Gunfire Erupts on the Streets of Cairo as Protests Turn Increasingly Violent
Published February 02, 2011
CAIRO – Gunfire erupts in Cario's Tahir Square as protests turn increasingly violent between anti-government demonstrators and pro-Mubarak supporters Wednesday.
It is not known if there have been any deaths yet attributed to this latest violence.
Mubarak supporters were out in the streets for the first time in large numbers, with thousands demanding an end to the anti-government movement a day after the president went on national television and rejected demands for him to step down.
Those calling for Mubarak to go have been out in Cairo and many other cities for more than a week, and they drew by far their largest crowd on Tuesday when at least a quarter million packed the central Tahrir Square and the downtown area around it. Hundreds of thousands more have turned out in other cities across this nation of 80 million.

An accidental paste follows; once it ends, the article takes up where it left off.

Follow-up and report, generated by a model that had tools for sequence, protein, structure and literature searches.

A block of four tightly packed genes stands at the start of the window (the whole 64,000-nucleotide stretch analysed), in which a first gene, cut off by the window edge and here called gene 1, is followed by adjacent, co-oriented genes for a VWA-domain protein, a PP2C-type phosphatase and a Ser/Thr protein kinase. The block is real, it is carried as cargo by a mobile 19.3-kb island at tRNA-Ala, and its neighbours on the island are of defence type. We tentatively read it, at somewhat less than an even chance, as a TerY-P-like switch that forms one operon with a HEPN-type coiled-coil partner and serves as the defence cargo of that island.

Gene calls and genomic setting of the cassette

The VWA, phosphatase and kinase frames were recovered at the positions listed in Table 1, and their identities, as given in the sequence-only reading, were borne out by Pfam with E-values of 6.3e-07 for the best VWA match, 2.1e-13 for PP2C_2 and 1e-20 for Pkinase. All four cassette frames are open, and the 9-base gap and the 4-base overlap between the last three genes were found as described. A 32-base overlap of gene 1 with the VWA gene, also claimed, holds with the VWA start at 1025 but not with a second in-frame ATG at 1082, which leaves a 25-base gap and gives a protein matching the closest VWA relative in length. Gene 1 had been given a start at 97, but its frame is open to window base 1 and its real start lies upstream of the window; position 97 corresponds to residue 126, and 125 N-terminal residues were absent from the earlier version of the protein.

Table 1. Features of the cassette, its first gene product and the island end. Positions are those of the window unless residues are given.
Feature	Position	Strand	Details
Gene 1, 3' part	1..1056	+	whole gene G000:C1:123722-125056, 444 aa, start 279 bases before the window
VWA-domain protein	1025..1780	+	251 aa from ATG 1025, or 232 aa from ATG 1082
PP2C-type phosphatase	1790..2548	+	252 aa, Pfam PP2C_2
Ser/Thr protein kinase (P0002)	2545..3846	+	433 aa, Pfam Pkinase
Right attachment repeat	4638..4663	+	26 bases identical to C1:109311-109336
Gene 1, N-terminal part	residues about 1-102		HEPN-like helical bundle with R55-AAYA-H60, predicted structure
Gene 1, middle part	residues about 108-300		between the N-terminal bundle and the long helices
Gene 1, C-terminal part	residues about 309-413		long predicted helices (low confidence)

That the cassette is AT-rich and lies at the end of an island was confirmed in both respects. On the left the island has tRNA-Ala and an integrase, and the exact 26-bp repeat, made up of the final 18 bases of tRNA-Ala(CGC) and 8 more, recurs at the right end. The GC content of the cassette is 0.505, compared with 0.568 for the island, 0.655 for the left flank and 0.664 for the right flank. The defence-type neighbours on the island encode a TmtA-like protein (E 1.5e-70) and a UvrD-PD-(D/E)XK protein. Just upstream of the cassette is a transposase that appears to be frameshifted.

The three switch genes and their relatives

By early afternoon, an Associated Press reporter saw Mubarak supporters break through a human chain of anti-government protesters trying to defend thousands gathered in Tahrir. They tore down banners denouncing the president and fistfights broke out as they advanced across the massive square in the heart of the capital. A number of those involved were injured and some were bleeding from their heads.
The anti-government protesters grabbed Mubarak posters from the hands of the supporters and ripped them.
The confrontations began just hours after a military spokesman went on national television and asked the protesters to disperse so life in Egypt could go back to normal. During the clashes, soldiers and tanks who have been guarding the square did not appear to intervene.
Almost immediately after Mubarak announced late Tuesday night that he would serve out the remaining seven months of his term and would not leave the country, groups of Mubarak supporters rarely seen before in the week of anti-government protests took to the streets, some carrying knives and sticks.
In Alexandria, clashes erupted right after Mubarak's address between the two sides.